The hot summer heatwave is coming! Will your car stand up to the heat? Some common car problems caused by the sunny weather include overheating engines, dry rot in the tyres, peeling paint and a fading interior. Luckily, these are all preventable with a little car care.
How to stop your engine from overheating
A car engine is powered by a series of controlled explosions. This heat is actually useful for other component such as the catalytic converter but it needs to be regulated to avoid damage. There are many parts for coolant to flow and maintain a stable temperature. A failure in this cooling system will cause your engine to overheat and may lead to plenty of other issues.
WARNING: Make sure your engine is cool before working with it. If driving, pull over and wait for 30 mins for it to cool. As a precaution, always use heat protection when handling the engine to avoid burns to your hands.
1. Check your coolant level. Pop open the bonnet and look at the fluid level in the coolant reservoir. Confirm that it is between the Max and Min levels. If your vehicle doesn’t have a reservoir then you will have to open up the radiator and check the coolant level in there. The fluid should be up to the bottom of the filler neck where the cap goes on.
WARNING: Make sure the engine is cool before opening the radiator. It is a pressurised container that will vent hot steam. This can cause severe burns.
2. Top up your engine coolant. When the coolant is lower than MAX, or isn’t full in the radiator, then you should add some coolant. You should use the same coolant, as other kinds may act differently in the engine and cause blockages. A very temporary solution is to use water until you can get to a nearby garage.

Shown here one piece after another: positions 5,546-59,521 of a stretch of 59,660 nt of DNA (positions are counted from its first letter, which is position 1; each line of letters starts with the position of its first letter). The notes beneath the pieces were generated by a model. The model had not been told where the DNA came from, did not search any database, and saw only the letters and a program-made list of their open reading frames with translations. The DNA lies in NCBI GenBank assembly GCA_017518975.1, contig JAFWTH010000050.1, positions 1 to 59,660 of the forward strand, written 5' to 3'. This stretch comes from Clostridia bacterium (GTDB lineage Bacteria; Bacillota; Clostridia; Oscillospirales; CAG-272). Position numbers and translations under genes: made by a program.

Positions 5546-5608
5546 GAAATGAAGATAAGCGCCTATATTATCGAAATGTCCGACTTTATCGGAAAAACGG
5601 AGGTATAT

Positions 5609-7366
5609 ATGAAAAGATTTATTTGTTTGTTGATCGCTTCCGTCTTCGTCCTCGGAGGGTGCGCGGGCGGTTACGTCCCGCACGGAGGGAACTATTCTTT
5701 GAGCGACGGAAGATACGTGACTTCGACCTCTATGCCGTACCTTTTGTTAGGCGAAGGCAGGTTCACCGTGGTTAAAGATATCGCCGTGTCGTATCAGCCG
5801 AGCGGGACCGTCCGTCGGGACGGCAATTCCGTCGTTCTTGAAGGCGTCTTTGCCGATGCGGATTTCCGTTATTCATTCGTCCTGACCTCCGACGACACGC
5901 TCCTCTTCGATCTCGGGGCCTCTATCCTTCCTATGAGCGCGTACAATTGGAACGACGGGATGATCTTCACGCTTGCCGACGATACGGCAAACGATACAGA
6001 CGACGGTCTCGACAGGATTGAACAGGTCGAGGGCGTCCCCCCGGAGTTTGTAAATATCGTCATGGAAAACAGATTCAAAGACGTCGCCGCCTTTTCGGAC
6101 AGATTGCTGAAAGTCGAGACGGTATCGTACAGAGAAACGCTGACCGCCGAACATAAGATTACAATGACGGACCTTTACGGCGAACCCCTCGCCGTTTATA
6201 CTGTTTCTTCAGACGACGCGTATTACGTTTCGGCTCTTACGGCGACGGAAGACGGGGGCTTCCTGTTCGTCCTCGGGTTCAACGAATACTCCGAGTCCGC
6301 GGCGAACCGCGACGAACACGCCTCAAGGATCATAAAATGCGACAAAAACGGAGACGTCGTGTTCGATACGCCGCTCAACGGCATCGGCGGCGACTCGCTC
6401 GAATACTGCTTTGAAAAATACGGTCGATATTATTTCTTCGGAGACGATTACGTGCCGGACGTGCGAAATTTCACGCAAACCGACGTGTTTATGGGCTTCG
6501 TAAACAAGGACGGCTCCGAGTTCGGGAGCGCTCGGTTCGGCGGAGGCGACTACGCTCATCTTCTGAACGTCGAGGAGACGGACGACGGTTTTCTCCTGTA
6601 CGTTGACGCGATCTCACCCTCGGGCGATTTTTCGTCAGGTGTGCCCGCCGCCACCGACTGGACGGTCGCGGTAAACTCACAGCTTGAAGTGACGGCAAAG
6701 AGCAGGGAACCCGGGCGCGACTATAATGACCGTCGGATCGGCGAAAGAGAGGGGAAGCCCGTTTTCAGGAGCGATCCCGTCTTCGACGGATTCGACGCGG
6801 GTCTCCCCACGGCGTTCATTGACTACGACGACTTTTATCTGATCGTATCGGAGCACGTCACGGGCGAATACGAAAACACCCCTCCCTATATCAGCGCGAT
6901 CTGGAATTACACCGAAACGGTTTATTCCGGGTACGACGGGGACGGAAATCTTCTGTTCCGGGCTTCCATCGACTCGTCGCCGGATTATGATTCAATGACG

3. Check for leaks. Take a flashlight to the underside of your engine to and inspect the area for damp or dripping. The coolant will usually be green, pink or orange so it should stand out under the light. The leak will usually be found near the radiator, the front area of the engine, and the firewall area. If you do find a leak then get a repair immediately. While you can keep topping the coolant up every few miles, this is a hassle and the leak can cause other problems such as contaminating fuel.
4. Keep an eye on the temperature of your engine. Vehicles will usually have a temperature gauge on the dashboard, it may even have a warning system to alert you. If your coolant temperature is approaching dangerous levels then pull over immediately to avoid any further damage to your vehicle. An overheated engine can be very expensive, especially when there is a less costly alternative.
How to stop your tyres being victims of dry rot
Tires are made of rubber, which makes them durable, able to handle thousands of kilos and resist punctures. They survive for through mud and snow but the heat of the sun can quickly deteriorate any tire. The heat dries out the rubber which causes hairline cracks. It can turn small scratches into gauges down to the metal. Here are some ways to protect your tires:
Park in the shade. When possible you should choose a cool spot behind a wall or under a tree. Preventing direct sunlight to your tyres should keep them a lot cooler than it’s surroundings.
Cover the tyres. If your car is going to be parked for several days or there aren’t any tall trees in the area, then you can use tyre covers. Ones in lighter shades will absorb less heat although good luck keeping the whites white when working with tyres. A complete car cover amy also work here, although it can be infeasible with larger vehicles.
Move your car. Actually using them more will mean they are less likely to crack. This is especially true for vehicles, such as motorhomes, which may be parked for weeks at a time.